This mainly affects Amazon FBA merchants who participate in the CE or PAN EU program and store their goods in warehouses outside their home country and sell them from there. This triggers a far greater decentralization and, conversely, the goods cross far more national borders in their sales. By definition, this is relevant for the OSS procedure.

This diversification in the countries of origin can only be reported correctly in the BOP portal if the individual locations are stored and taken into account in the report. If this is not the case, the declaration is rejected and is deemed not to have been submitted.

Tip: Enter warehouse locations from abroad in the BOP Portal. Not a tip, but a must. If you are unsure about what and where to enter something, please contact us.

#4 Completion of the OSS message

The fact that a report has been uploaded to the BOP portal and thus sent does not mean that it has been accepted. It can take up to 48 hours for you to receive confirmation of acceptance of the OSS report in your mailbox. Or even a rejection of the notification.

The nasty thing: The communication here only involves the BOP internal mailbox, which must be actively checked. It is not communicated via common email addresses, but only BOP internally. The reason for rejection is, for example, the non-consideration of external warehouses described under 3.

Tip: It is essential to check whether the notification has been accepted 48 hours after it has been submitted to the BOP. The buffer from 1 helps here again.

#5 Manual processes

Experience reports have shown that more and more retailers have developed a system to map the OSS process. In other words, they have literally developed it themselves. Data is exported from e.g. Amazon transaction reports, elaborately prepared in Excel lists, handed over to the tax consultant, who in turn manually makes the entry in the BOP.

Manual processes and the assumption of responsibility as far as the eye can see. The potential for making mistakes here is complex and depends on the attention and diligence of the person involved at several points. This should be avoided.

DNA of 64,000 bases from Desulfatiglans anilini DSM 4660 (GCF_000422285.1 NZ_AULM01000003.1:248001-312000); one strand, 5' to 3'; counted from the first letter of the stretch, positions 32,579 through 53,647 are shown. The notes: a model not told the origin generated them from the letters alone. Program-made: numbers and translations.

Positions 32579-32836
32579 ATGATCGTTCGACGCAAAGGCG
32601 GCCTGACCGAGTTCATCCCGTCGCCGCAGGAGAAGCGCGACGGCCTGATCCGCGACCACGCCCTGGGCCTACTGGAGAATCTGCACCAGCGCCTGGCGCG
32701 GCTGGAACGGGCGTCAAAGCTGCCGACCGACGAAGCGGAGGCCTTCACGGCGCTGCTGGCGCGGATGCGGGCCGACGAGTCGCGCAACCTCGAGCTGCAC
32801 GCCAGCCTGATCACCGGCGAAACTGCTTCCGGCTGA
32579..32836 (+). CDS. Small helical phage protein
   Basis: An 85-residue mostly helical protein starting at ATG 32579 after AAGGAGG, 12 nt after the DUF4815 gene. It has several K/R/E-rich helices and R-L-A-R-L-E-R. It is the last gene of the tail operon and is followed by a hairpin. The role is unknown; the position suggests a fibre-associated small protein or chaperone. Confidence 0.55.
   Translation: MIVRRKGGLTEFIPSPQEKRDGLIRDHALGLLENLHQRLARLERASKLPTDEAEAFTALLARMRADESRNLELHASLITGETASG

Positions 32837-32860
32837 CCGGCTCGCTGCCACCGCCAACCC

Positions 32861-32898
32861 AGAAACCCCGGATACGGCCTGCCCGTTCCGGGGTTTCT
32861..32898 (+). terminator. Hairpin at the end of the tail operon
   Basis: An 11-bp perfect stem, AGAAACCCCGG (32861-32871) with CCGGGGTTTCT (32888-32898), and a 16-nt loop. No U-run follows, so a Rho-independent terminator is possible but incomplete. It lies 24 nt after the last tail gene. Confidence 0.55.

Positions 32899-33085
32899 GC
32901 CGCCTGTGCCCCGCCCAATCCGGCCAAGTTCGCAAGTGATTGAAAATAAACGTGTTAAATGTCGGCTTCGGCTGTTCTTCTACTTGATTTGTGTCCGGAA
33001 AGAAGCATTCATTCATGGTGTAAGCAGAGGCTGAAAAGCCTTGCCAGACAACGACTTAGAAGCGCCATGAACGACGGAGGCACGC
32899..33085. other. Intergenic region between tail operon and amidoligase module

The solution is as simple as it sounds. There are systems and programs that calculate the OSS reports and process the data validly and automatically, regardless of the amount of data. An OSS report should never be subject to manual processes!

Tip: If there is a manual process, however well-rehearsed it may be, it is prone to errors. Look for a system that specializes in the OSS process. That way you are also free of responsibility.

Conclusion: Know the risks, avoid mistakes, pass on expenses

As already indicated above, there are mistakes and errors. Even retailers who think they have the OSS process under control can still make minor and major mistakes. Of course, many have it completely under control by now. However, there are those who find themselves in the above-mentioned points or are not exactly sure whether these points apply: Reassure yourself about the respective handling and correctness of the OSS procedure.

The problem is that sanctions are not imposed on an ongoing basis and, in cases of doubt, errors only become apparent when it is too late and action has to be taken because tax offices carry out a comprehensive audit.

Tip: You cannot register for the OSS too early, but you can register too late. It is advisable to register for the OSS procedure across the board and to use systems such as countX for processing. This massively reduces the probability of acting incorrectly or even too late.

If you have any questions about the above points, please contact countX at any time: hello@countx.com or call +49 30 62 93 15 599.

Read also:
What is the One-Stop-Shop (OSS)? (german Help Center)
Free onboarding webinars in the easybill service package
Tax changes in 2024